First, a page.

|Index||5 reviews in total|
For his first film as director, Roshdy Zem - which has often acted in
films with a strong political content - has chosen quite a difficult
and controversial theme: the Jew-Arabian relationship; but he makes a
very consensual work.
This relationship is symbolized through a couple of people in France, the beautiful Cécile De France, playing Clara, a young Jew physio, and Zem himself, playing Ismael, an Arabian pianist. Both of them are nonpractising, but will have to face the reactions of their family and friends when wanting to make their love official.
First, the film really is a comedy, although dealing with this problematic theme. This is, I think, a good choice, considering the weight of the current developments, particularly in France. But making a "light" film was not the aim: as already said, Roshdy Zem is an engaged actor(cf. Ingigènes recently, or most of the films he played in). The director indeed is a real humanist, and has always fought for this concept of equality and fraternity, pretended basis of french society. That is why he uses derision and humor to stress the incredible tensions a love affair between two not-religious people can create because of their inheritance.
So, the film is nice and beautiful, etc... But because of its theme, it had to make people think and react, which is not allowed by an useless happy end (the one minute too long), probably imposed by the production. While during all of the film, Zem shows the difficulties caused by this difference between the two characters, the end totally dilutes it, showing a great agreement. Of course, this is only the story of two particular people, but the uncertainties seen in Clara's and Ismael's eyes in the before-last scene would have given the film a more symbolist and universal end.
For all the seriousness of the topic in examining whether race, culture
and religion would come to play in a relationship between two lovers,
the last movie I had watched which broached the topic, was the zany
Adam Sandler comedy You Don't Mess With The Zohan, where his Israeli
superspy falls for a Palestinian hairdresser many miles from home at
the Big Apple. Bad Faith tackles the same core issues, and while it
does have its funny moments, contains more thoughtful insights to this
real world predicament.
Ismael (Roschidy Zem, who also directed this movie) and Clara (Cecile De France) are the perfect cross-cultural couple who has spent the last 4 years in a trouble-free relationship. Being non-practising in their respective religions (he's Muslim while she's Jew), the notion of religion, race and culture doesn't factor into their relationship until the coming of an unexpected baby. The consideration of having to inform their respective parents fed on their fears of having them reject their other half, and it even boils right down to details such as the baby's name, whom Ismael is dead set with naming him after his dad.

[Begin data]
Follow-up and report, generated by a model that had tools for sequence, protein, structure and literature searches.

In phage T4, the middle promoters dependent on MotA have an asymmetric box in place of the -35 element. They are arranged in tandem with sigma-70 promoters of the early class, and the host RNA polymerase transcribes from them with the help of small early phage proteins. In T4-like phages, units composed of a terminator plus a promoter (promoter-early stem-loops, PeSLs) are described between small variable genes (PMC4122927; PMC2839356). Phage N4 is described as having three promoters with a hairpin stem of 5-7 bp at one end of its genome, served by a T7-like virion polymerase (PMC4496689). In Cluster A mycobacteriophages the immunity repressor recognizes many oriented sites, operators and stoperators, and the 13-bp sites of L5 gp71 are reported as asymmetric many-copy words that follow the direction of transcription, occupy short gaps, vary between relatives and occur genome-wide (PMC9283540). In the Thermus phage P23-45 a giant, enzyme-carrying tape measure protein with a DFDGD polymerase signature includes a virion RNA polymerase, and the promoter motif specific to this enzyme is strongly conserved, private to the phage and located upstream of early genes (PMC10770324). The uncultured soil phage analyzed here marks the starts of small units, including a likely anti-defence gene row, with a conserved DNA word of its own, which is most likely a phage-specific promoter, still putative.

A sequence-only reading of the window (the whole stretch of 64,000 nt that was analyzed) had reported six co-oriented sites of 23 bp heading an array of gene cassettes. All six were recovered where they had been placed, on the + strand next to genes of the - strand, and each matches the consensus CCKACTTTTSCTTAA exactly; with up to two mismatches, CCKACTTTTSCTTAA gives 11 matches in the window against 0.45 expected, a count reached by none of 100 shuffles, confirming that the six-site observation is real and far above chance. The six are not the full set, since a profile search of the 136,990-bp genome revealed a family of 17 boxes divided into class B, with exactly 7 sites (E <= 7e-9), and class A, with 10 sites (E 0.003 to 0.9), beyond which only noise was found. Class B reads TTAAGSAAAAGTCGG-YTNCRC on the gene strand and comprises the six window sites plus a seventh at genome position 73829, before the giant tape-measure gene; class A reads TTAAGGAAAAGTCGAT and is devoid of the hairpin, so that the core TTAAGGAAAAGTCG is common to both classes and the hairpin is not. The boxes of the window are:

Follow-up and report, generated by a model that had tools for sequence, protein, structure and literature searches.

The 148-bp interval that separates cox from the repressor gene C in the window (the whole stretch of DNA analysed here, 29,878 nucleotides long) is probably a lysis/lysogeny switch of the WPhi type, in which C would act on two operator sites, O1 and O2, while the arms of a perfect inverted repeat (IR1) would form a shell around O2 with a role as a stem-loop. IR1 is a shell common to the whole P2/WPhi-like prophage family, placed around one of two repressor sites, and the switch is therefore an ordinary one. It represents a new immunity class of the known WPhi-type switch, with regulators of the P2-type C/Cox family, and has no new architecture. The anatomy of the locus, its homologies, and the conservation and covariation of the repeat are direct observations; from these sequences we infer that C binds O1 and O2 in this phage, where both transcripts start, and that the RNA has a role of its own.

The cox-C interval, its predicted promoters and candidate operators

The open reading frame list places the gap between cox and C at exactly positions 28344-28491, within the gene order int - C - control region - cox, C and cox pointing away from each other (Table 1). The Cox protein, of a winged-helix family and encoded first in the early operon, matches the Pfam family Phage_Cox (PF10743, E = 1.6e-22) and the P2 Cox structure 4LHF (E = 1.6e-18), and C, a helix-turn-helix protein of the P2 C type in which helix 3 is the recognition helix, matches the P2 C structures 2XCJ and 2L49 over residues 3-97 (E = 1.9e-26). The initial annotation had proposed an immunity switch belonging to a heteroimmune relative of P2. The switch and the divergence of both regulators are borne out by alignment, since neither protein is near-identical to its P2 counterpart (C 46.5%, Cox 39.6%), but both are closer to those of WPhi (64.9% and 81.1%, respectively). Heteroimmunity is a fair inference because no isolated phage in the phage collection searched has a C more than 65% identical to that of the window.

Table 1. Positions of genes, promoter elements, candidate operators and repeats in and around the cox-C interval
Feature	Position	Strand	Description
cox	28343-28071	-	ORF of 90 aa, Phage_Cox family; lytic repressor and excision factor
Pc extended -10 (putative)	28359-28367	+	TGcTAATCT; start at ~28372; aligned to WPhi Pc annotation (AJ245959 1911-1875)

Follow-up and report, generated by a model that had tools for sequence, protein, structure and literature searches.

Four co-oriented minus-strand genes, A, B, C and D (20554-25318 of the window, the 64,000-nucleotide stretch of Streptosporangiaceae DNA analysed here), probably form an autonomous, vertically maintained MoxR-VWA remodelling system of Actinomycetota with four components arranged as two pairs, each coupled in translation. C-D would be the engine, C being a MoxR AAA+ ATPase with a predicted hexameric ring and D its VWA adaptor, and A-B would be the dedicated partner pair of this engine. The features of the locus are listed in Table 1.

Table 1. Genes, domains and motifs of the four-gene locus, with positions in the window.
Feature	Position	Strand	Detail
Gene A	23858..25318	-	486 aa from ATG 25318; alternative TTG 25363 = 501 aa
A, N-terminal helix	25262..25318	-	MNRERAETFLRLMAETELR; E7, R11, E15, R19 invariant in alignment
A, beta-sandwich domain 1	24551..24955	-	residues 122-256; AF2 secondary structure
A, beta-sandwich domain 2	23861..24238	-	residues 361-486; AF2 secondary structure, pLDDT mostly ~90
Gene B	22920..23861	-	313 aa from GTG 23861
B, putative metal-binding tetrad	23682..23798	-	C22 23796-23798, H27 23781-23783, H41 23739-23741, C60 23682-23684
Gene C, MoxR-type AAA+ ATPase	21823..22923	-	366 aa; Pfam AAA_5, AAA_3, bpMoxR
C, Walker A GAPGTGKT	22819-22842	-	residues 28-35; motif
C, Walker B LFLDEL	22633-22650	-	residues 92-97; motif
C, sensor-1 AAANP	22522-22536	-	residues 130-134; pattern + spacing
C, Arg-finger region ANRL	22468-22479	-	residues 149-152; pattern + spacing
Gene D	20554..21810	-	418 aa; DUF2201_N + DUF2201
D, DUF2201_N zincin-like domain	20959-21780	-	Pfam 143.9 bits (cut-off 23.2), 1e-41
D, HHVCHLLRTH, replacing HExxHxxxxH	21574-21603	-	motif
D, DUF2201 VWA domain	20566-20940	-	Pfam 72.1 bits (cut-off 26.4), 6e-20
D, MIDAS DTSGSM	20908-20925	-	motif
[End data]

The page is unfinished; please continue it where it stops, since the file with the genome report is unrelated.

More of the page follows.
This exploration of unfounded fears provide much verbose insight to some of the nagging thoughts one would probably have when trying to appease the older generation, who in their earnestness would like to see an in-law coming from the same cultural/religious background for ease of assimilating with one another, and the potential avoidance of conflicts. At one point, one of the parents requested their child to consider all the trouble they would expect from frowning neighbours in their community, which stem from the lack of understanding, and fueled by deep prejudice and discrimination.
Which is a reminder that usually, a union of 2 actually is a union of more, which includes immediate family members, like it or not, who play a huge role in determining if the union thereafter would be stress-free. Clara's parents Victor (Jean-Pierre Cassel) and Lucie (Martine Chevallier) become confused with their daughter's choice for a husband, and the former works at Ismael being converted to Judaism to appease his wife, much to Ismael's amusement. On the other hand, Ismael finds difficulty in breaking the news to his mother, for fear of what he thinks will be a downright disapproval given Clara's background.
This examination of issues will test the resolve, depth of love and trust that the couple has for each other as it tears through the fabric of their open-mindedness and beliefs, and it's not always just between the two couple though, as Ismael's best friend Milou (Pascal Elbe) who is also a Jew, provide yet another outlet for the venting of frustration and deep rooted fears.
But don't be mistaken it's not all doom and gloom. Despite some genuinely funny laugh out loud moments, Bad Faith does provide for some critical moments where you're more than likely to be finding yourself rooting for the couple against all adversary that come their way. Both leads are charismatic enough for anyone in the audience to want to wish their characters well (The last time I saw Cecile De France was in the bloody gore movie High Tension, so it's a very different take here to see her in a romantic comedy) and it does play on some of our unfounded fears, so it's really just taking things as they come, while remaining optimistic that they will indeed turn out for the better, especially when you have love conquering all.